Small Business Solutions

2021 Small Business

Sentiment Survey

Here’s how we help small businesses

Share on facebook
Facebook
Share on twitter
Twitter
Share on linkedin
LinkedIn

This isn’t a plea for more Payroll Protection Program money but it is a plea on how to meaningfully help small businesses.

Best of all, it isn’t complicated or expensive, which means no one in government will get it or embrace it. But that’s OK. We have to keep showing them the way.

Here are my seven points to prosperity to help the mom and pops out there. (Why not 10 points? Because I don’t need 10. Less is more.)

  1. Reduce fuel prices. This is the top of the list. Gas prices are up 70 to 80 cents a gallon where I live since the election. People are already complaining about it. Decisions have been made at the federal level that have led to increasing gas prices.

If we aren’t careful, this is going to be 2010 all over again where commodities are very expensive, which crushes middle and lower class people as fuel prices and food prices soar. (Grain prices are up also). America is a large nation with a robust interstate system and we are designed to move goods up and down those roads cheaply. When America doesn’t have cheap energy, it struggles.

  1. State and local governments need to open up, which will provide the kind of stimulus we once took for granted. As people are vaccinated against Covid-19 and the case numbers go down, states are starting to open up. That’s good because the very best stimulus program is allowing the world’s greatest economy to be open. No amount of federal money printing can replicate an open U.S. economy.
  2. The federal government should not pay extended unemployment benefits. This is a disincentive to work. If someone can collect state unemployment benefits in the $600-a-week range and then dip into federal unemployment in the range of $300 a week, that person may not aggressively seek work. As businesses fully reopen, they are going to need employees. We want people motivated to apply for those jobs. Small business owners are talking about this extended federal benefit and shaking their heads.

The old unemployment system worked just fine for decades. Why do we suddenly need more and bigger unemployment benefits?

Help small businesses – cut taxes

  1. In Texas, eliminate the franchise tax for businesses under 75 employees that did not make a profit in 2020. Do this retroactively for 2020 and into 2021. The franchise tax is based on a business’s gross revenue, which means the tax has to be paid whether or not a profit is earned. It’s a terrible tax and actually, it should be repealed forever.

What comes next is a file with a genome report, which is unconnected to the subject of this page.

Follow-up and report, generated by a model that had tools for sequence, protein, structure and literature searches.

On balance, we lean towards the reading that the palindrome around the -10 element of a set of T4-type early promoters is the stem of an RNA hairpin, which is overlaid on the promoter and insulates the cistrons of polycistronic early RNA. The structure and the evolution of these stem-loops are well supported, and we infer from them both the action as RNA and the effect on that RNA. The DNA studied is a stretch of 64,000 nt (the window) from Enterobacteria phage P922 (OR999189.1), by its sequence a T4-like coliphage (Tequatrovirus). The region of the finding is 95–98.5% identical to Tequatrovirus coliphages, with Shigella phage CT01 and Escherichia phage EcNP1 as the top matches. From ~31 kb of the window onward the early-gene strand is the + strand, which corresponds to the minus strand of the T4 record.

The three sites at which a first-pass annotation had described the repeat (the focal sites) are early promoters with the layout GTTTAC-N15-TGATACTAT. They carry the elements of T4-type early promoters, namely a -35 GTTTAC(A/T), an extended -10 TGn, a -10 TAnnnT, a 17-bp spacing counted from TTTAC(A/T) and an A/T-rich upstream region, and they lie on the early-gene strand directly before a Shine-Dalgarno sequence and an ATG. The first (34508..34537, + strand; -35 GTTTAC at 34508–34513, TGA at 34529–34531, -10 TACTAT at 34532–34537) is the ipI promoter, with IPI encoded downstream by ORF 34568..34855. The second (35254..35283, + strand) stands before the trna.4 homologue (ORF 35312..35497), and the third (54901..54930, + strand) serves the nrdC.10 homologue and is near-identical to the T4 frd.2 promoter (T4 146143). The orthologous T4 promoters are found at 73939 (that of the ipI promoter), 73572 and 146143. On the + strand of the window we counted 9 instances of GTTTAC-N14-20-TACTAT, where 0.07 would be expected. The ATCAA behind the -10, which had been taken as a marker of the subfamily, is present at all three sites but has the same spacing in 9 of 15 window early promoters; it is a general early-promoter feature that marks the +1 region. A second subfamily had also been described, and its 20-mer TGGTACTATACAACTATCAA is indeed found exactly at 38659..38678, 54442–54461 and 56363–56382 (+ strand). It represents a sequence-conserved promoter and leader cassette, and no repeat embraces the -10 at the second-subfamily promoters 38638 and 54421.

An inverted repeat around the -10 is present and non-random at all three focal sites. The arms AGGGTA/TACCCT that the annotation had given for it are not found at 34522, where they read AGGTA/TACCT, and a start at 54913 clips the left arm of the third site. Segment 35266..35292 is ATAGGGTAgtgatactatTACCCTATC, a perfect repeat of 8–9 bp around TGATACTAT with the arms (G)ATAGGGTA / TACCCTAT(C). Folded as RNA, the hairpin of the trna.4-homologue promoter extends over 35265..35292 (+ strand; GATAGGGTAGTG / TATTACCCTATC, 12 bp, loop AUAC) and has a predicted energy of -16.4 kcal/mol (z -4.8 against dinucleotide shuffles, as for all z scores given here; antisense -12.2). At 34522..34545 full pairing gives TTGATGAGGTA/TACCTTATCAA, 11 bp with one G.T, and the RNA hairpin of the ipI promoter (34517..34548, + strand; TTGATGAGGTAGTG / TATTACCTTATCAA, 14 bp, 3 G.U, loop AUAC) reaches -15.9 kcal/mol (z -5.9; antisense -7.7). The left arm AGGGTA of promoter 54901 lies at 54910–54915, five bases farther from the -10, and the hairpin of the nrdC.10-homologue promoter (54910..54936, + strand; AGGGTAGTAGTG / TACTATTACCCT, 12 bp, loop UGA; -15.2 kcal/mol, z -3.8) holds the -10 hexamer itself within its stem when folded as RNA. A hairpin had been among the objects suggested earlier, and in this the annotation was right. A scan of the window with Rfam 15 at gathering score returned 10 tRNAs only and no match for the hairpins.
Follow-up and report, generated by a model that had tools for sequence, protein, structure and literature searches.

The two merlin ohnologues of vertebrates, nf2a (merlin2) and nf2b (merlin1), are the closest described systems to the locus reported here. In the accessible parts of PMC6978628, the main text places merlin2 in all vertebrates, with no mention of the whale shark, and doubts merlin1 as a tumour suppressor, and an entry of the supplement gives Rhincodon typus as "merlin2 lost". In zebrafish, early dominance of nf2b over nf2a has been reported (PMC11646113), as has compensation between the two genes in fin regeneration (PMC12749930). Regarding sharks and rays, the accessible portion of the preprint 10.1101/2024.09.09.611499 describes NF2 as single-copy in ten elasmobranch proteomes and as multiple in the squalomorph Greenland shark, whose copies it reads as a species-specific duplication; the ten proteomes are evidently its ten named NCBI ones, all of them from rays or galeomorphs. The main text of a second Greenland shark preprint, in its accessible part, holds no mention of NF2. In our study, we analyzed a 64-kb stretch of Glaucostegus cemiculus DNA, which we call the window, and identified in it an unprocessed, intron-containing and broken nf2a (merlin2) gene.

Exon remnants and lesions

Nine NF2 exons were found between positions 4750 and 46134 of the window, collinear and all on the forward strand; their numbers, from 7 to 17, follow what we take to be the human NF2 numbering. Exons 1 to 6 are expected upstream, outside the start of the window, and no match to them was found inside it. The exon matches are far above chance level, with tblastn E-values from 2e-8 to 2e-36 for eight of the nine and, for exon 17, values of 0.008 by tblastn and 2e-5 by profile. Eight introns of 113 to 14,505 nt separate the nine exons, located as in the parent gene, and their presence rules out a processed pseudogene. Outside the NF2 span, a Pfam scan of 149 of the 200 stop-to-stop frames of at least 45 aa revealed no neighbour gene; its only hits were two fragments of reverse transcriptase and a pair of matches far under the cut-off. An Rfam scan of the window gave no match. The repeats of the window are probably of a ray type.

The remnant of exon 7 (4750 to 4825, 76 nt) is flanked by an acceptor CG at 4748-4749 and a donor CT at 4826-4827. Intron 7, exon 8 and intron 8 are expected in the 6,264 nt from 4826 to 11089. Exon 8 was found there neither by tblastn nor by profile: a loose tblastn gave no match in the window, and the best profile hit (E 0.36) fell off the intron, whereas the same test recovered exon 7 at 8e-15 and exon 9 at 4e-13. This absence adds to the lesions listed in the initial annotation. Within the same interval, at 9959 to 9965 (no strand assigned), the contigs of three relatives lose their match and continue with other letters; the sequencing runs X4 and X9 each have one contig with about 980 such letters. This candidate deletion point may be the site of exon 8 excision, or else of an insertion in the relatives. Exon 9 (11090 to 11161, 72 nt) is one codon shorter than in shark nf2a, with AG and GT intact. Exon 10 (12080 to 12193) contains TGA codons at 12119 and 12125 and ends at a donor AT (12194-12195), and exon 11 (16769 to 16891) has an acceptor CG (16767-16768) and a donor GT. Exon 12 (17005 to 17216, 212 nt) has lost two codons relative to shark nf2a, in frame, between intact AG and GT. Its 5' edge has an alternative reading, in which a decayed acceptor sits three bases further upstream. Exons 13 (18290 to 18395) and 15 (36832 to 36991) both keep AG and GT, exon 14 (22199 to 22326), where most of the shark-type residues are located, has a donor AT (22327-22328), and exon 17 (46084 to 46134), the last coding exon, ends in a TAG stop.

2. A payroll tax holiday for new hires. Payroll taxes are like the franchise tax. They are paid whether or not a business makes a profit. Also, a business has to staff someone to collect these taxes and give them to the correct government bodies.

Why is this? Why should a small business devote many hours a year to collect taxes for the government for free?  I don’t want to go down a rabbit hole on this issue but we all just assume it’s OK for our bookkeepers to collect taxes and not get paid for it.

I would like to see no payroll taxes paid by an employer who makes a new hire in 2021. That would be a nice incentive to hire and it would expire at the end of the year.

You would have small businesses talking about this big time and you want them feeling confident about hiring.

  1. Freeze property taxes for the next two years for commercial property. This will help businesses know their costs (which reduces uncertainty) and won’t have that much impact on local government, which has not had to close or cut costs like business has.
  2. Freeze federal income taxes. Keep the current tax rates in place for the next three years. This applies to capital gains rates also. Again, we are trying to get rid of uncertainty, which kills innovation.

There it is. Seven points to a better economy. It’s all easy to do and will work, which is also the bad news for my plan.

I believe politicians want to appropriate funds, point to those funds, and say, “Look what I gave to small business.”

Actually, not much was given. The funds were too hard to access or simply weren’t needed. We had a photo op and a sound bite and everyone moved on.

Meanwhile mom and pop still need help.

RECENT ARTICLES